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13 of 16 people found the following review helpful
5.0 out of 5 stars Fires of Faith
I have read and purchased several of Eamon Duffy's books - including"The Stripping of the Altars" and "The Voices of Morebath". Being extremely interested in the religious upheavals here in England during the mid sixteenth century, and especially in the Counter Reformation, I was delighted with this latest book.

For far too long, Mary's reign has been...
Published on 30 Jun 2011 by Chalcotribist

versus
8 of 9 people found the following review helpful
3.0 out of 5 stars Further rehabilitation of Cardinal Pole
The two pre-eminent historians of the Tudor Church, Eamon Duffy and Diarmaid MacCulloch, disagree on much, but in the 21st Century reassessment of the Reformation, they are united on one thing: Cardinal Pole deserves a much more positive perspective than he has hitherto been given.
After MacCulloch's monumental "Reformation", with a highly favourable excursus on...
Published on 19 May 2012 by R. S. Stanier


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8 of 9 people found the following review helpful
3.0 out of 5 stars Further rehabilitation of Cardinal Pole, 19 May 2012
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This review is from: Fires of Faith: Catholic England under Mary Tudor (Paperback)
The two pre-eminent historians of the Tudor Church, Eamon Duffy and Diarmaid MacCulloch, disagree on much, but in the 21st Century reassessment of the Reformation, they are united on one thing: Cardinal Pole deserves a much more positive perspective than he has hitherto been given.
After MacCulloch's monumental "Reformation", with a highly favourable excursus on Pole, we now have this, Duffy's book on the Marian church and its legacy. Mary herself is almost completely ignored; rather, Duffy's tome is ultimately a reconstruction of Pole's plan for the re-Catholicising of England, and a further argument that Pole's blueprint was not left behind in an English backwater, but rather highly influential in the Counter Reformation across Europe: for example, his plans on seminaries found their way into the contemporary Council of Trent's final text.
There remains an essential disagreement, however, between Duffy and MacCulloch. For MacCulloch and others, there was something much more inevitable about the Reformation event in Europe and in England. Duffy has never accepted this, arguing that such a view comes from secular/ Protestant bias.
In his famous "The Stripping of the Altars", Duffy argued that, far from being on its last legs when the Reformation happened, traditional Catholic religion was flourishing in England right up to the Henrician revolution. Most historians would now agree with him. Here, he extends his argument by three decades: deep into the 1550s, traditional Catholic religion was genuinely popular over most of England: the Protestant martyrs were only popular in London and Kent, and even there a campaign of repressive force was on its way to wiping them out.
Thanks to Pole's policies and patronage, the cathedrals were brimming with bright young things, of deep Catholic conviction (hundreds of them fled post 1558 and ended up in European universities and colleges), and England was well on its way to a secure Catholicism, in part because the people had never ultimately had their hearts converted to Protestant ways.
For Duffy, the only thing that stopped this was the monumental fluke of the deaths of Mary and her Archbishop dying on the same day, which allowed in a deconstruction of Catholic England under Elizabeth and a new archbishop that otherwise might never have happened.
It's a brave thesis. However, I believe this book only takes us halfway there. Yes, historiography has been skewed by ignoring the chance element of Pole and Mary's deaths and we may have therefore tended to see the Elizabeth settlement of Anglicanism as falsely inevitable, as it was true to the 'English spirit', in some way.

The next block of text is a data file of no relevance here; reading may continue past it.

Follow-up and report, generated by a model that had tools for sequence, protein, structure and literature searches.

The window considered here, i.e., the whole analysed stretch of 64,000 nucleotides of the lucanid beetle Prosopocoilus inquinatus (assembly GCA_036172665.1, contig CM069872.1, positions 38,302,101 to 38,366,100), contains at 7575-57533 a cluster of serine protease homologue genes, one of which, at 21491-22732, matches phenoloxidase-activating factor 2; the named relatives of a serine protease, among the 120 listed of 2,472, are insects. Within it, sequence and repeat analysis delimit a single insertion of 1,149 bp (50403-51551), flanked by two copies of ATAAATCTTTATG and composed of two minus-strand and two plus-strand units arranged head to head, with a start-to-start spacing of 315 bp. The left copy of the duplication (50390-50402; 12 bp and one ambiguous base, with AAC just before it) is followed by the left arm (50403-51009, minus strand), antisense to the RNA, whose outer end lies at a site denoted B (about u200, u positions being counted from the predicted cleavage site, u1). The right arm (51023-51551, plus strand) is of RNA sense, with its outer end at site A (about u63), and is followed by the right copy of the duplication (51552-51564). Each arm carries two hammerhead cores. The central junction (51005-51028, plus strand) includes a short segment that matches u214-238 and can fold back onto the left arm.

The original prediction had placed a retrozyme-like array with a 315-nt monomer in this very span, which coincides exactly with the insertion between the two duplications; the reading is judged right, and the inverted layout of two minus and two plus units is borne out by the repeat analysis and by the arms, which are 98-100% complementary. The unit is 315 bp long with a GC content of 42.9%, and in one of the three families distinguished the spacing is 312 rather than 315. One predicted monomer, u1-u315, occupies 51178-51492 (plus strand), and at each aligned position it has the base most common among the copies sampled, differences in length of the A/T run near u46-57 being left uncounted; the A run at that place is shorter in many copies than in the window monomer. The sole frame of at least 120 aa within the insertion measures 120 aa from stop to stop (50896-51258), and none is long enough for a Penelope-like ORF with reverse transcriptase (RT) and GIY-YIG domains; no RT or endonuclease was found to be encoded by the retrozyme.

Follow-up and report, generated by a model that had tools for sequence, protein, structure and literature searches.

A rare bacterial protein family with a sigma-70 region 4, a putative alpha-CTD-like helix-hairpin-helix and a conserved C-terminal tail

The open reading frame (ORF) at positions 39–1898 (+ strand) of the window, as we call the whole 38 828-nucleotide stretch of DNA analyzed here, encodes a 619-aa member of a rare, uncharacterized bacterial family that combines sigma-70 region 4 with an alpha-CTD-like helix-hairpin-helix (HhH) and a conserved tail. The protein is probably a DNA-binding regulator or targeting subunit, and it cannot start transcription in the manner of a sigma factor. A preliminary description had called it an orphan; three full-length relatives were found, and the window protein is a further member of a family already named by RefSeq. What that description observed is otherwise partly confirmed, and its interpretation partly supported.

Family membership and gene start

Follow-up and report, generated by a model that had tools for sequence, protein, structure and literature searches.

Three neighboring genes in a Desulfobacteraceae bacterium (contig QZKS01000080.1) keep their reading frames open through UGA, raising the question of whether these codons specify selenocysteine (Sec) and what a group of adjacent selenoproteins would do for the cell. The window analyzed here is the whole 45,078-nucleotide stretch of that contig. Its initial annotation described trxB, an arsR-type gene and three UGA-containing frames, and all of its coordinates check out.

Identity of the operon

But, no, I don't think you can ignore the sheer number of martyrs Mary and Pole needed to slay: these had to have been conviction Protestants and must have been the tip of a pretty decent Protestant iceberg. And, no, I don't think you can ignore entirely the eventual success of the Elizabeth settlement (though some early Stuart/ Civil War historians would disagree.)
Duffy can challenge our view of grassroots religion, but he hasn't got the evidence to prove his case.

The other reviews make good points about the way this book is written. It's dense, and certainly assumes a decent knowledge of the basic historical events: this isn't for firsttimers. Also, it perhaps lacks the flair Duffy has brought to his other books. But even so, his ear for a telling turn of flair has not gone:
at the end of his chapter on burnings, he notes "On both sides, this was an ideological struggle inscribed in the quivering flesh of suffering human beings."( p123)
Strong history, albeit not ultimately convincing.
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11 of 13 people found the following review helpful
2.0 out of 5 stars Heavy going, useful but lacking in one key area., 30 Dec 2011
By 
Graham James "graydjames" (Leicester UK) - See all my reviews
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This review is from: Fires of Faith: Catholic England under Mary Tudor (Paperback)
This book is aimed more at the academic than those looking for "easy-going" history but I got much from it nonetheless. As one tired of the popularist notions that place Elizabeth at the topmost postion on the victory podium of English monarchs, it was good to get some positive spin on Mary.

This is by no means the first book I have read about Mary and this is just as well, because this book is hard going with unnecessarily convoluted sentences that can be read three or four times and their meaning still indecipherable. I never understand why high-level academics seem to regard it as compulsory to write in this fashion. It is as if their writing will not be taken seriously if it can be easily understood. It also makes me suspicious. As if the writer is unable to explain his point in clear English.

If anyone is looking for a justification of the burnings, you'll be disappointed. It isn't that. Instead the nub of it is to explain that the burnings, and the policies of Mary and Pole and others, were much more succesful in achieving their objectives of counter-reformation than history has recorded. I got much from this.